war it was divided into three parts, which were allocated to
Hungary, Romania and Yugoslavia. Karlsdorf was settled by
German pioneers around 1800, and there were about half a
million ethnic Germans living in similar towns throughout the

former Yugoslavia. Our ancestors came from Germany to settLe

the then empty lands when Empress Maria Theresia reigned
Austria-Hungary. The settlers were given land that was wilder-
ness, which they in turn cultivated and were aiLowed to home-
stead. We had kept our German language, heritage and traditions
all those years.
What I remember about my early years is mostly war: sirens,
bombing, soldiers and fear. In the fall of 1944 and early spring
of 1945 my father, as well as all other ethnic German men aged
fifteen to fifty, and ail women ages sixteen to thirty, had been sent
off to labor camps. I recaiL watching from our bedroom window
soldiers beating children with the butts of their guns as they ran
aLong the wagons that were taking their mothers away. Thousands
upon thousands were shipped off to Russia in cattle cars to work
in the coaL mines as slave laborers.
One night in April 1945 soldiers burst into our home awak-
ening my family. They grabbed my mother and tore her wedding
ring and earrings off. With nothing but the clothes on our backs
and a few smail bundles under my mother's and grandmother's
arms we were driven into the dark. I was petrified as I clung to
my grandmother and we joined the Large crowd in the middle of
the street. The whole town was taken in this manner and herded
out ofKarisdorf to the airport just outside the town. We were put
into the hangars, which were surrounded by a high barbed wire
fence. We sLept on the bare, cold and damp dirt floor. No heat
was provided, so that the condensation from the people breathing
would rise to the ceiLing and in the morning, as it cooled off, it
wouLd drip down on us Like rain.
Throughout Yugoslavia ail ethnic Germans were put into
concentration camps and became prisoners of the state. We lost
our citizenship and ail our property was confiscated. /, too, at the
tender age offour, was considered a politicaL prisoner and a threat
to the security of Yugoslavia. From 1945 to 1949 we suffired
starvation, beatings, mass murders and slave labor. PeopLe from
other towns were brought to our camp. In ail some 4,000 human
beings were packed into the two airplane hangers. Hunger, fear
and sickness were our way oflift. Every morning the able-bodied
adults had to assemble outside the hangar, stand at attention and
listen to the morning propaganda. Then ail had to shout "Schivio
Tito!" (Long Live Tito!) before being marched off to work. Older
Expulsion and Deportation 10 1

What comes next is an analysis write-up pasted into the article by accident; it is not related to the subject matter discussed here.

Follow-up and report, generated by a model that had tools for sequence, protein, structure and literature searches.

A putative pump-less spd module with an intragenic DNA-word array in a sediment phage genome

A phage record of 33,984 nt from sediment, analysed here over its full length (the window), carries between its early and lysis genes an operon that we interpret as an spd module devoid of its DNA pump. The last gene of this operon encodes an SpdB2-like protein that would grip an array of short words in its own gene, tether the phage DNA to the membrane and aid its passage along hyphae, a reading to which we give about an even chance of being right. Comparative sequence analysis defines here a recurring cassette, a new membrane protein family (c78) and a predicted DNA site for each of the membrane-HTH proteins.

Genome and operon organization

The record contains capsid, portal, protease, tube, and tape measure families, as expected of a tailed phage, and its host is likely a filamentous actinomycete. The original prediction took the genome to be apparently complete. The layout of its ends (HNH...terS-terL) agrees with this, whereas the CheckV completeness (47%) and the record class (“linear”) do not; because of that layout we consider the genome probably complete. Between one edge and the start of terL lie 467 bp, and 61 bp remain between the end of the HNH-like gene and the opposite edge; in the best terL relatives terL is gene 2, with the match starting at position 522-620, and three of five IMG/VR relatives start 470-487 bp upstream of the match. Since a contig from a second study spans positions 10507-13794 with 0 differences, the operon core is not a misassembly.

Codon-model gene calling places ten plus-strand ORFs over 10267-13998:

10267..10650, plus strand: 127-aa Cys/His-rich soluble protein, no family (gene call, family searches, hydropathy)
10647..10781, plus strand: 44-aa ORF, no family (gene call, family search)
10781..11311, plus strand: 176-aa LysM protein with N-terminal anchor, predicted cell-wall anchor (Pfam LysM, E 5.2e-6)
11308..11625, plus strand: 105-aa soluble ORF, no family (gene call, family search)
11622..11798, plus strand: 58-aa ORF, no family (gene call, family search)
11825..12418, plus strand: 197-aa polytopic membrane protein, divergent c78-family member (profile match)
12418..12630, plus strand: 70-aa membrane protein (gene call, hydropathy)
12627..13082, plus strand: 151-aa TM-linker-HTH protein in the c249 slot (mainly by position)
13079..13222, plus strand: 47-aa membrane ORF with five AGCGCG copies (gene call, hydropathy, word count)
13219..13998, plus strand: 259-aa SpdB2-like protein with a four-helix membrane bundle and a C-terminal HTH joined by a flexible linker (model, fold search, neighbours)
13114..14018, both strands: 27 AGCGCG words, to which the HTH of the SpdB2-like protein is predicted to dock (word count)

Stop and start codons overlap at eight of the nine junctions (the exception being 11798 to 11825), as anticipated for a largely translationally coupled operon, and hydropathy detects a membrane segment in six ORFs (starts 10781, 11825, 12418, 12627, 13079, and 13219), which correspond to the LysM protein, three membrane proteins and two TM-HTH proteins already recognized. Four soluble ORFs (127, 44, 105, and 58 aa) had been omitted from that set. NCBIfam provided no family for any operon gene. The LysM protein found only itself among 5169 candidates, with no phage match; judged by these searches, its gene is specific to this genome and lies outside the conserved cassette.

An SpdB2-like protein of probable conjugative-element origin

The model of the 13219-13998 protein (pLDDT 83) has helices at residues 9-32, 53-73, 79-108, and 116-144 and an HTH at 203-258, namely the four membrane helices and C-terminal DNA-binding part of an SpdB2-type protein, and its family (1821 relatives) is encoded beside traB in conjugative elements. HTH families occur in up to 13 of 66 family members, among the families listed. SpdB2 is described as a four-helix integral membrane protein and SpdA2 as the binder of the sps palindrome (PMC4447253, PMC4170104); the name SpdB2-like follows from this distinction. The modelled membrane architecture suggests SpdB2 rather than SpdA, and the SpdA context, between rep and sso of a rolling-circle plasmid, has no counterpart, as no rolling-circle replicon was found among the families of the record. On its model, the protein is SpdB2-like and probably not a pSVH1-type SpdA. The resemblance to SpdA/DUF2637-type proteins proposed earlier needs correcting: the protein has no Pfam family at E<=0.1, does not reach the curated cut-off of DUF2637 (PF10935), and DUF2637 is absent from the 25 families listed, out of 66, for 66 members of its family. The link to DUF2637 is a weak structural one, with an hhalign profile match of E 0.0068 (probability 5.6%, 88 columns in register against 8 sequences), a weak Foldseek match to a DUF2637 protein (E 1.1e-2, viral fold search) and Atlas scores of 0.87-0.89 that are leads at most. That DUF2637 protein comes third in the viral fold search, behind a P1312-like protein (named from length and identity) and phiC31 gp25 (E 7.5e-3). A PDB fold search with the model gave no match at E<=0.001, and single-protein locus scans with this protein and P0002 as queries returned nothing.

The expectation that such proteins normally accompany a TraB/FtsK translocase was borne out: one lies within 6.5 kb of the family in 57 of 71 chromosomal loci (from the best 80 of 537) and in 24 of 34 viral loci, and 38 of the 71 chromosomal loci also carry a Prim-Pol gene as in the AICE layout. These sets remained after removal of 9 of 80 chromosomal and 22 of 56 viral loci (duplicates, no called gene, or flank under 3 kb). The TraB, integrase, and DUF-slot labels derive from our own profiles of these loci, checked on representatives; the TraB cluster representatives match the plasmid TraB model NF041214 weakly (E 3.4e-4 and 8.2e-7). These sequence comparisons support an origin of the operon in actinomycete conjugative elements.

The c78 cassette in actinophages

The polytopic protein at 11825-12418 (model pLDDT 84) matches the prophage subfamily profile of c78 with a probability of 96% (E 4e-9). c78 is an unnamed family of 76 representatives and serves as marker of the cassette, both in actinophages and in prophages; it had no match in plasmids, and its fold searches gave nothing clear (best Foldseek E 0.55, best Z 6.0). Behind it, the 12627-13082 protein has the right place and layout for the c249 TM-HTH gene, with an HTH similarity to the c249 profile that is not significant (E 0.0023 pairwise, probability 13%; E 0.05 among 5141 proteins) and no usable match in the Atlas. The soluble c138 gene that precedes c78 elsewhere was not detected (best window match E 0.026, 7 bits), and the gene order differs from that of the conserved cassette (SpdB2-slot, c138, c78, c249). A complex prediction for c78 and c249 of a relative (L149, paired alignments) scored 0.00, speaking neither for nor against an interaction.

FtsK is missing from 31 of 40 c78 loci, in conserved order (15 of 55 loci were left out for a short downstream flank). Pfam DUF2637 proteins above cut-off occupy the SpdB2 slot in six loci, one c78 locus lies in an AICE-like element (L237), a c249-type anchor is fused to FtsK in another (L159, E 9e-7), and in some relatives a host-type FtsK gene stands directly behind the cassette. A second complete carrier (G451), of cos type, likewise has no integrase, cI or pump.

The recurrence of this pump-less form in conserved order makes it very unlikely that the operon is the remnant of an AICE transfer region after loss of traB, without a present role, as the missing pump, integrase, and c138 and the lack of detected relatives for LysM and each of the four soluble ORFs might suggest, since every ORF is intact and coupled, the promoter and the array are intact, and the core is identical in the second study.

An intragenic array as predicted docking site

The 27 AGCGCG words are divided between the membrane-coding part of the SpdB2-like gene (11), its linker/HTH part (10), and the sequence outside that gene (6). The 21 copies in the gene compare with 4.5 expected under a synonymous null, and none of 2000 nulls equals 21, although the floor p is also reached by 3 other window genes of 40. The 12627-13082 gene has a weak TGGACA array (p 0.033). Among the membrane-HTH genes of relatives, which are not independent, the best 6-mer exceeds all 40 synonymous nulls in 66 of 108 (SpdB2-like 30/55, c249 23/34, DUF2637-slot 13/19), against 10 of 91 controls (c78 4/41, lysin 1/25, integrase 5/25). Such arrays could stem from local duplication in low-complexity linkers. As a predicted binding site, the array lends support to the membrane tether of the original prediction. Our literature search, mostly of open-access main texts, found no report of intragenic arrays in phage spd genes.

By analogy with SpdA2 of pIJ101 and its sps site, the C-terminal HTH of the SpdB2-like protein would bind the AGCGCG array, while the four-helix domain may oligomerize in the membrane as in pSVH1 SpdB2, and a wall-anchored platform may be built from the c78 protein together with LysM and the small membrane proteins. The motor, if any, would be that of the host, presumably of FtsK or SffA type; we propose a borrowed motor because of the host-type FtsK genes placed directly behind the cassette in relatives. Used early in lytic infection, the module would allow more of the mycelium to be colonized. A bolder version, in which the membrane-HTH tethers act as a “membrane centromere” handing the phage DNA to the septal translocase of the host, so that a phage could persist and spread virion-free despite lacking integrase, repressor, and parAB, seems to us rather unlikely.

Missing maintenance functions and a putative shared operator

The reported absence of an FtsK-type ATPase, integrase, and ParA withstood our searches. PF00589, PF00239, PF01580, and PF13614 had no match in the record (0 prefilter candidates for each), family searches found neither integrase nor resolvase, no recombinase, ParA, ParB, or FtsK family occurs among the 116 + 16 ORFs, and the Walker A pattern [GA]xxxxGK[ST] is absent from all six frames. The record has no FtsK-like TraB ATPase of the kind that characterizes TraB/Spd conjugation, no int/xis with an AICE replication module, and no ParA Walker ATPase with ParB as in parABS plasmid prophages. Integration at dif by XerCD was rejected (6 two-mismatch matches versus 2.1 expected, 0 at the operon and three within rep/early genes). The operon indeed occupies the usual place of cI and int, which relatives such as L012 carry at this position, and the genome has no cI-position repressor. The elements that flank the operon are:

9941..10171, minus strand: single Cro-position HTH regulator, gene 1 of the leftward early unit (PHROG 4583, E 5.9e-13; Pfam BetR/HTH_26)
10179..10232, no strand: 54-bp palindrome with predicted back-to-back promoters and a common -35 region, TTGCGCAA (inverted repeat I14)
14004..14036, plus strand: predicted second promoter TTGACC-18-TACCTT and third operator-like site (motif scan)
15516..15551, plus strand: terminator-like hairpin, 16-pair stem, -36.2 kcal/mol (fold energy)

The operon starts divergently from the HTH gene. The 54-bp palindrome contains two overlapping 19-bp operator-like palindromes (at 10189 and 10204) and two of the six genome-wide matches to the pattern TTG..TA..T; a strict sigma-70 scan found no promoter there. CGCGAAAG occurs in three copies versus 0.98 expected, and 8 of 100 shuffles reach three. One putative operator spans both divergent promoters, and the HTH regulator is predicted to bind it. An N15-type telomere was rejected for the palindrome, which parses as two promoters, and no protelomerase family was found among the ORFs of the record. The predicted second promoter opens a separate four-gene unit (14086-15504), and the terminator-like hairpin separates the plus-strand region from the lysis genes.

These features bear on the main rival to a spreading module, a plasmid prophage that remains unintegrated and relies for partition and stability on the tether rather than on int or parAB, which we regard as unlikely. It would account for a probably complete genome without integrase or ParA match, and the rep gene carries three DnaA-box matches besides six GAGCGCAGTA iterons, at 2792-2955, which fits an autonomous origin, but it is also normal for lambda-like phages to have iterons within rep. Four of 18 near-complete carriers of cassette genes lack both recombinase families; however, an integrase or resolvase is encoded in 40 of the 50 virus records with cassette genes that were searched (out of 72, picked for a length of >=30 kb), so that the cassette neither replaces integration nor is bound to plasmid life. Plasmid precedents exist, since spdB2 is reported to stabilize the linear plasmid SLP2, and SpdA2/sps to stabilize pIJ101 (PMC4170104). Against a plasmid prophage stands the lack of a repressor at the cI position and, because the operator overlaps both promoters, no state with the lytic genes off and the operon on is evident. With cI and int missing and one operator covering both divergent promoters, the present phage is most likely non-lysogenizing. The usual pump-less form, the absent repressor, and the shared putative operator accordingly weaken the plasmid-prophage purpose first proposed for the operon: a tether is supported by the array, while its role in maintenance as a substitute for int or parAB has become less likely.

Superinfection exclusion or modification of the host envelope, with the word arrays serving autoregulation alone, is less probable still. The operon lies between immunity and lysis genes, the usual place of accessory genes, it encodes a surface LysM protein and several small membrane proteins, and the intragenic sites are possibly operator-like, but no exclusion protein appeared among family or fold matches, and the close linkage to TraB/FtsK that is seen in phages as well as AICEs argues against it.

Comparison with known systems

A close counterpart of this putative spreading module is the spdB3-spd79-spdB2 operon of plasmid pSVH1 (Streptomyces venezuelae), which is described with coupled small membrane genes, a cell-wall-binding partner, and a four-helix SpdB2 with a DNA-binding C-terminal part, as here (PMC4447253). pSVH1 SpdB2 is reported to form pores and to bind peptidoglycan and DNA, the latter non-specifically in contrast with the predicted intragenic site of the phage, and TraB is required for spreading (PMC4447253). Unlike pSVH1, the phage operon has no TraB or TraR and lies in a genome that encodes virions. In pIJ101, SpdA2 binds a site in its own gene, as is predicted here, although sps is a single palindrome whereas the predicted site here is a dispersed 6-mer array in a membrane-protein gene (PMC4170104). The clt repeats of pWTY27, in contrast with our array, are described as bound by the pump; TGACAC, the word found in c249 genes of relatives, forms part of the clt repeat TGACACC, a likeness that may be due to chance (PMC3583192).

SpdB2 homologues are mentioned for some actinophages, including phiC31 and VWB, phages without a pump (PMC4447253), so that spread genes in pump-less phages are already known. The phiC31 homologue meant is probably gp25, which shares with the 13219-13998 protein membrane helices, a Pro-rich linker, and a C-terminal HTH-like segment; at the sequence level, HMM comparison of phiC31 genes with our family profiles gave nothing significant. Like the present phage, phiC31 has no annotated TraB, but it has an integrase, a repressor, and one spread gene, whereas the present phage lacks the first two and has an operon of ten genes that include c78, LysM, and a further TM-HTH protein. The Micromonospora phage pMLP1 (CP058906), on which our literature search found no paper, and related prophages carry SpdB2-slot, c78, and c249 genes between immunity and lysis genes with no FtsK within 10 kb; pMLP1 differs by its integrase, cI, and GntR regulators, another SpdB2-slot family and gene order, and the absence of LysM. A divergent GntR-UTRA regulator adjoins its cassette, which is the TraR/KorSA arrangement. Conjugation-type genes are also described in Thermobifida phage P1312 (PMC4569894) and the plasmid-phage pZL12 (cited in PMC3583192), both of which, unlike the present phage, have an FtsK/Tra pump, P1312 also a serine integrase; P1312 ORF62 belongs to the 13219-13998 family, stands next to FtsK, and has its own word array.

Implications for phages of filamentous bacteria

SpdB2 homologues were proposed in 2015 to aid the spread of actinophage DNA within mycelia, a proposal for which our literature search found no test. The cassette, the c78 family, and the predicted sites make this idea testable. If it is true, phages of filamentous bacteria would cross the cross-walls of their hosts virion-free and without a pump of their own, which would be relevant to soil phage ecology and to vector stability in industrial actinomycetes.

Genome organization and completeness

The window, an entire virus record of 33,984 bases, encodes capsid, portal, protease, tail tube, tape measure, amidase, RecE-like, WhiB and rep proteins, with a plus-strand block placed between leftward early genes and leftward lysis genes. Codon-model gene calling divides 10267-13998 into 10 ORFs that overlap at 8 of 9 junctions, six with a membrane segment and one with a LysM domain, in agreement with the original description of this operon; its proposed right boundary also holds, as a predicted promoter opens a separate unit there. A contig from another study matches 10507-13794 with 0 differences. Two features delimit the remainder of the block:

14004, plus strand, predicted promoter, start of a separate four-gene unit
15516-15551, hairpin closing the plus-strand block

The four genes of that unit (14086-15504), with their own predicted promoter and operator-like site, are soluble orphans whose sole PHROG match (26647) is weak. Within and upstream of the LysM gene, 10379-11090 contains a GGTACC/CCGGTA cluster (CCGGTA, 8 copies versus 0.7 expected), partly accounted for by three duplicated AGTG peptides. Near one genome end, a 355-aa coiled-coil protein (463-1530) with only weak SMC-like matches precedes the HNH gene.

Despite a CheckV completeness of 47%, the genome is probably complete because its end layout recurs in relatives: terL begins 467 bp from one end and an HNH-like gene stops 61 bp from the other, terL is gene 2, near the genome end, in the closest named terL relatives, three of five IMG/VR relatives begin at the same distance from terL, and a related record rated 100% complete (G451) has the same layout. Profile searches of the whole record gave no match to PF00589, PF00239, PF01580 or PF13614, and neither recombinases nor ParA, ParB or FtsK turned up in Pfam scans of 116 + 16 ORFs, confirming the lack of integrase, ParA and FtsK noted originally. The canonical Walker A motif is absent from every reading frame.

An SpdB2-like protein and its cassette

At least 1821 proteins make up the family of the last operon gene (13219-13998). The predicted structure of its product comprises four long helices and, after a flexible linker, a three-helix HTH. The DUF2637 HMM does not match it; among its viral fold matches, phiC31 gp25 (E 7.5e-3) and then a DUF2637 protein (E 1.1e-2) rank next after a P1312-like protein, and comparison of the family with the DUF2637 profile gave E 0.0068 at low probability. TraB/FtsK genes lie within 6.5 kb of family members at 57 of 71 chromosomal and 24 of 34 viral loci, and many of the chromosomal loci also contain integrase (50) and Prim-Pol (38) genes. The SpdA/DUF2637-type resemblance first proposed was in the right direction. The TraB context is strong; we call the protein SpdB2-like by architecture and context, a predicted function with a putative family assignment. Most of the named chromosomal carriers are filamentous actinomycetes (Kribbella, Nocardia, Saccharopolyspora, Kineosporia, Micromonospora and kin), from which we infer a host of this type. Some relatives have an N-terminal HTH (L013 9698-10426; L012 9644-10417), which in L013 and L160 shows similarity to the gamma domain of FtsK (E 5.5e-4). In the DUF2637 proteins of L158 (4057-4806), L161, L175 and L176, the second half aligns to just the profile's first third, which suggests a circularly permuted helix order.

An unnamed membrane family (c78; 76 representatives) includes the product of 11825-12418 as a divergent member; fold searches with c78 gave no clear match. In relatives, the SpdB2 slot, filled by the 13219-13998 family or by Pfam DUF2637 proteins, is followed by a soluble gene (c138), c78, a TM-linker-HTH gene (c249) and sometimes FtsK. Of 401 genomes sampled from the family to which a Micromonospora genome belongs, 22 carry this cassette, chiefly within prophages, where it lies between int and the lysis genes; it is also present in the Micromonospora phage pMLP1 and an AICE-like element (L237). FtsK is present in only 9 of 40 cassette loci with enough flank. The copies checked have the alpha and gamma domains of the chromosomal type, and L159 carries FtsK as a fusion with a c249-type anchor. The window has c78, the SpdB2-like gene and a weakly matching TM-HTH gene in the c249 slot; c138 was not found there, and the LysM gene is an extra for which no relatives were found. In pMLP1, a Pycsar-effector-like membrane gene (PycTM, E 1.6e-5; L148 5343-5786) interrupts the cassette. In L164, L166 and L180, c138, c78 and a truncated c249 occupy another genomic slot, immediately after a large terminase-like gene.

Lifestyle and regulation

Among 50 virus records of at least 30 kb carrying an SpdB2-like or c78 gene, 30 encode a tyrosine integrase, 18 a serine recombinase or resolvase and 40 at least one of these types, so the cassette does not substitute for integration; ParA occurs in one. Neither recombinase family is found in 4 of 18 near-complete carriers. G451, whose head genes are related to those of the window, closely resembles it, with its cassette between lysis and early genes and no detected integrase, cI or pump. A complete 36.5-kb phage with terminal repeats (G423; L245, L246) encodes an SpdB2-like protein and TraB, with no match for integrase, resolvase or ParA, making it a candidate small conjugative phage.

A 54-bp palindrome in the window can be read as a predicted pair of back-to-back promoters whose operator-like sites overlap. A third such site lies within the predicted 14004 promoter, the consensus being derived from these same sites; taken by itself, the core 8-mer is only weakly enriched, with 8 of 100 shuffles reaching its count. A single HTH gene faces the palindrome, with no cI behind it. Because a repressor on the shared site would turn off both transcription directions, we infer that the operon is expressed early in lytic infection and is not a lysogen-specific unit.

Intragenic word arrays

children were also gathered up and put to work in the fields or to

carry wood for the camp from fifteen miles away. I stayed behind
with the younger children. I remember looking out of the fence
and wishing to be on the other side; there was a field ofpoppies
bloming and I wanted more than anything to run through them
and pick an armful. I waited daily at the gate for my mother to
return, hoping that she would bring back additional food, which
she would hide in her underclothing. Food had to be concealed
from the eyes of the guards, because ifyou were caught you had
to pay dearly.
Time has no season in my memory. I can remember some
things as if they were yesterday, and others as in a dream. I must
have been five or six by the time we were no longer in the hangar
but in a blocked-off section of town. Soldiers were stationed at
the end of the streets. We were in houses with fifteen or more
people in each room, where we slept on the straw-covered floor. I
remember crying as my grandparents were being taken away. All
old people and children with no mothers were being taken away.
Many years later we ledrned that they had been taken to
Rudolfignad, which was a death camp. Two of my grandparents
died there of starvation. One survived.
Lice were also a fact of life. Everyone had them because th.ere
was no soap. Some days we were given pea soup. The peas were
infested with bugs that crunched as you bit into them. Malnutri-
tion took its toll. Sickness was all around. Open sores were very
common. I remember I had boils on my abdomen that did not
heal for a long time; they always oozed with pus. Typhoid and
other illnesses were rampant. There were no doctors or medica-
tion. Thus people died daily. Soon wagon loads of bodies were
carted offto mass graves and tossed in. My cousin died oftyphoid.
My brother also came down with it. He was very sick and came
close to death, but somehow he recovered without medicine. Only
the very strong could survive those conditions.
By the foil of 1947 we had been in three or four different
camps. In September ofthat year we came to Gakova, a camp not
for from the Hungarian border. One night my mother, brother,
myself, my aunt, two cousins and some other women sneaked out